Thursday, July 22, 2010

Backpack Cover for Flying

Several past visitors arrived looking for information on backpack covers for flying. While I haven't flown with my backpack, I have ridden several buses with a backpack.

On an earlier shakedown hike in California's Big Sur, I used a large lightweight nylon duffel to over-pack my 5500 backpack. I bought my nylon duffel at Academy Sports for about $15. The dark green Timber Creek duffel we bought has a large piece of webbing sewn around the duffel to create two large hand straps. Actually, the straps are so large one could almost wear the duffel as a pack itself. We used a small carabiner to clip the two straps together to make picking up much quicker and easier.

Once at our destination, we folded the duffel into a packet and placed it on top of the closed main compartment, flipped the top pocket back over, and fastened the retaining straps. When we returned to the Greyhound station at Salinas, we opened our pack, expanded the duffel, dropped our pack inside, and attached the new baggage tag.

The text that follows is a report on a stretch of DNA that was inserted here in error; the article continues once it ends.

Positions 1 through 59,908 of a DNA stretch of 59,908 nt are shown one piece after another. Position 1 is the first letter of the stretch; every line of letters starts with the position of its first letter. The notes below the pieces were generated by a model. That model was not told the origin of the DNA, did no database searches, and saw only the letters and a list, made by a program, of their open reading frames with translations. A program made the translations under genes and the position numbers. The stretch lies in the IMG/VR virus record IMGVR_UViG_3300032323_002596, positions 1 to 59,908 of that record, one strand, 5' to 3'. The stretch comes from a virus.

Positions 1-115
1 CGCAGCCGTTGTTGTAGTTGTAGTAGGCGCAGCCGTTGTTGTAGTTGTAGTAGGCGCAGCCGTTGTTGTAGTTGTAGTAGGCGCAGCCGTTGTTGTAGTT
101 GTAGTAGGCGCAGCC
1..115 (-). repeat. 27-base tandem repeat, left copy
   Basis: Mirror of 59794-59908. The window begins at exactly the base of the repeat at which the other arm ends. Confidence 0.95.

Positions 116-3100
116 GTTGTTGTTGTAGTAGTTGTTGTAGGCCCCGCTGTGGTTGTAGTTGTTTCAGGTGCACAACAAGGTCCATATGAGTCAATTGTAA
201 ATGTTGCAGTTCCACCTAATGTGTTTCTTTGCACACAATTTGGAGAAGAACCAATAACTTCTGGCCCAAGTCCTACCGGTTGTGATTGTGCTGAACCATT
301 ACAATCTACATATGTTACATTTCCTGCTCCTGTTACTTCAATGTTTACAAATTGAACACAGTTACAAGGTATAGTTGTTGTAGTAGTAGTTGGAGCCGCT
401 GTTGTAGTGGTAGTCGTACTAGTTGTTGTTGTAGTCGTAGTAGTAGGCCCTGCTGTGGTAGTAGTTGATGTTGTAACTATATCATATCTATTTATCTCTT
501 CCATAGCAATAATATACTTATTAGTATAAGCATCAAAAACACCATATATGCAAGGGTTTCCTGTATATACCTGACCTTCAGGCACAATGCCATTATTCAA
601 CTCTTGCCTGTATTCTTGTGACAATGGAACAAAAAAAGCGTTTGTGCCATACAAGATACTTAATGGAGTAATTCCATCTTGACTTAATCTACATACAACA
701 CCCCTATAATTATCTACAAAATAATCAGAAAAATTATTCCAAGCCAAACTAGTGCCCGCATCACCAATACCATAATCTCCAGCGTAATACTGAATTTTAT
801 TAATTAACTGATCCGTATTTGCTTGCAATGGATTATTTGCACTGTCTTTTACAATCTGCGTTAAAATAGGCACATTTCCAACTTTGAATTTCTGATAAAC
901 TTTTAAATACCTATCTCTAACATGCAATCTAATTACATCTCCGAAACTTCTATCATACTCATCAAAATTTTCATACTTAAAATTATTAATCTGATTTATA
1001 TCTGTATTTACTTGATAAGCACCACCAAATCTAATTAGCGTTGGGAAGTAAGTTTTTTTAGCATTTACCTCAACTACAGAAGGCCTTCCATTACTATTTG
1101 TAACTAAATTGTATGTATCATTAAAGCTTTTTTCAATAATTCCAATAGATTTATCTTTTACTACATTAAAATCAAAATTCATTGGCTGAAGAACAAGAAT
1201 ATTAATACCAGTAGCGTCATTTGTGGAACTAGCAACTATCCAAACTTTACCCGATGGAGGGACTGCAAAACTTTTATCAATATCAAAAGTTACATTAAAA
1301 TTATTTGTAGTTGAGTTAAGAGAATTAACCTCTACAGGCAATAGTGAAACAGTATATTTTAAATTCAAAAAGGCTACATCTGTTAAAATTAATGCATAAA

While we've not done this on the trail, we did experiment at home and discover that we could turn the duffel inside out, which positions the handles inside and prevents them from snagging on branches along the trail. The duffel doesn't quite unzip the entire length, so there's a small "hood" that one can place over the top of one's backpack and the duffel will naturally hang over the pack. Its an easy task to take a spare nylon strap, like the ones used for attaching sleeping bags and pads to exteriors, and wrap it around the pack and duffel. As our duffel is longer then our pack, we found we could under-fold the excess material so the top of the duffel material overlaps the bottom and secure the entire fold with the nylon strap.

Hope this is helpful to those of you flying to the Appalachian Trail.

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